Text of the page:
Flexible education space in the heart of a conservation area
Located in London’s Holland Park Conservation Area and directly next to the park itself, the 1,500-pupil secondary school is a true embodiment of the school’s ethos and the curriculum on offer. Providing a flexible teaching environment for the 21st Century by rationalising the pre-existing 1950’s development into a more compact footprint. The new school creates a totally accessible environment, allowing everyone to enjoy the learning environment and a high quality of education.
Challenging ‘traditional school design’
Unable to meet the demands of today’s curriculum, the old school buildings were no longer fit for purpose, expensive to maintain and had limited functionality. Addressing these issues formed the principle challenges which were set by The Royal Borough. They were supported by a strong leadership team at the school, who together, developed a vision which challenged the traditional notions on how teaching and learning takes place.
Above all, they wanted a building that neither looked nor felt like a school. It demanded a high aesthetic quality, functionality and flexibility which can adapt to changing curriculum needs.
The school involved pupils in the transformation via site visits, hands-on creative projects and regular presentations on progress. This level of engagement has continued with the building forming part of the science and design curriculum.
Classic, dynamic and distinctive
Given the school’s location within a Conservation Area and next to the Royal Borough’s largest park, it was essential to create a sympathetic relationship with nearby homes and elevate the connection to the park. The design is respectful to the local Victorian style streetscape, whilst addressing the site requirements.
The new building has a north-south orientation and its positioning helps to order the site, thus creating two distinct open spaces. The harder eastern edge is more public facing and houses the relocated main entrance; while the open, western side of the site locates the sports pitches, creating a buffer zone and helping to reduce the visual impact of the school.
Natural daylight is maximised by the creation of an atrium by dividing the building into two blocks, one housing specialist teaching space and the other traditional. The atrium is simultaneously a divisive and unifying space, clearly distinguishing the spaces and providing an instinctive understanding of the hierarchy and navigation of the building.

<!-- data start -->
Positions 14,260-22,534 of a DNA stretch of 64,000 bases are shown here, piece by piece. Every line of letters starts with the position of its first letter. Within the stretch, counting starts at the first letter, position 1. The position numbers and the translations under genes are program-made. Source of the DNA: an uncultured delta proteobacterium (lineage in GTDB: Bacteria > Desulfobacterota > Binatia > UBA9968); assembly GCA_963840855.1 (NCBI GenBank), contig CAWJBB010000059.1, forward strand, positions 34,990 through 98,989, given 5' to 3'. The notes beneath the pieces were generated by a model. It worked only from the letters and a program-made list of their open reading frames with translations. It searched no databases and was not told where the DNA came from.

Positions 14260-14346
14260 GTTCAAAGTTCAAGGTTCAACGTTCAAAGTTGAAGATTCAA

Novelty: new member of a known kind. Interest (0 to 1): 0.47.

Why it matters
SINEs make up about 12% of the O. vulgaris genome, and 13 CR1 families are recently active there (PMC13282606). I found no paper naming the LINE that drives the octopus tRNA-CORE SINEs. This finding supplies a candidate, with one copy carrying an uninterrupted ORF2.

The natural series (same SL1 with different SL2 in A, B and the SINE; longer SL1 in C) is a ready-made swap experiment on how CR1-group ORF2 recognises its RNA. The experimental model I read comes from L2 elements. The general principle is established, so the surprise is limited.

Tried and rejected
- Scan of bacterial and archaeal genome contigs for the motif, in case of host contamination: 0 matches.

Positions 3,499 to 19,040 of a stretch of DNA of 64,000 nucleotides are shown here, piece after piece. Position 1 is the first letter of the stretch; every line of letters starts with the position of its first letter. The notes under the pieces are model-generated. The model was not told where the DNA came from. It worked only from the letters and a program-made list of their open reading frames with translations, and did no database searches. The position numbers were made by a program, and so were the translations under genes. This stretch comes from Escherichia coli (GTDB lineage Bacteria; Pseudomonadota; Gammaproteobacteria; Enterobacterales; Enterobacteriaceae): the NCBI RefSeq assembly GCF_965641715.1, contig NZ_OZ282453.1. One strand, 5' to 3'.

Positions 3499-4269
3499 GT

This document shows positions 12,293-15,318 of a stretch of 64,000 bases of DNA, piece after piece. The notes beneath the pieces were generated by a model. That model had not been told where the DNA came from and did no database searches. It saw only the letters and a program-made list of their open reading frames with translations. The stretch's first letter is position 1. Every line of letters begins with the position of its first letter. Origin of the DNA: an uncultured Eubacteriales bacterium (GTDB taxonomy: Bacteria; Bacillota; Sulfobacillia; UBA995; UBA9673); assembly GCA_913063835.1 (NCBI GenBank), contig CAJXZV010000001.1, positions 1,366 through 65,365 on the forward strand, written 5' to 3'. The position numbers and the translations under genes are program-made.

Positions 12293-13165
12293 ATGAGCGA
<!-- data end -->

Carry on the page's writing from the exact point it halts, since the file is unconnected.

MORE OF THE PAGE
Functionality of the space is reflected in the treatment of the external facade. Built up in four main layers; the blocks are characterised by the facade treatment where one is restrained and formal the other is dynamic.
The dynamic western facade has fins curved in profile and clad in an alternating finish of bronze, copper and brass panels, which will gently settle in with time. We calculated the size and profile of the fins to provide maximum protection from solar gain and ensuring that the heat load on the facade was evenly distributed.
The building can be considered as three distinct elements; firstly the large basement extends over the entire footprint of the building and accommodates the sports hall and swimming pool, plus the kitchen and dining areas.
The above ground elements are then split into the two blocks; the regular teaching spaces are constructed using in-situ columns and flat slab construction. They also utilise a single-sided, natural ventilation system. To the west a dramatic steel A-frame superstructure defines the atrium and creates the large, specialist teaching and assembly rooms. Natural cross ventilation for the rooms, with the air discharged at the top of the building contributes to the 'stack effect' in the atrium.
Royal Borough of Kensington and Chelsea, W8 7AF
Royal Borough of Kensington and Chelsea
BREEAM Very Good
1,500 pupil spaces
Winner - Structural Steel Design Awards 2014
Shortlisted - New London Awards 2013
Commendation - RTF Sustainability Awards Institutional Built Category 2014
Longevity for the future of education
The school has been designed with long-term resilience in mind – lowering energy consumption, maintenance costs and improving comfort.
Shaded with external louvres to minimise solar gain and glare, the atrium promotes natural ventilation and encourages daylight to enter through the building. Energy efficient lighting and daylight dimming help make the most of the natural light flooding the common areas and classrooms.
The school has involved pupils in the transformation via site visits, hands-on creative projects and regular presentations on progress. This level of engagement allowed us to integrate the building and its sustainability credentials as part of the science and design curriculum.
Phasing plan to support the curriculum
Our programme was led by the need to maintain a functioning school throughout the build, to minimise the impact of the construction on the pupils, their experiences and outcomes.
We created a complex phasing plan, timed to
ensure the temporary accommodation block was available early to manage the move
out of the existing buildings before demolition and construction commenced. As
part of our plan, the main build was designed to coincide with the summer
break, allowing a phased moved back into the new building.
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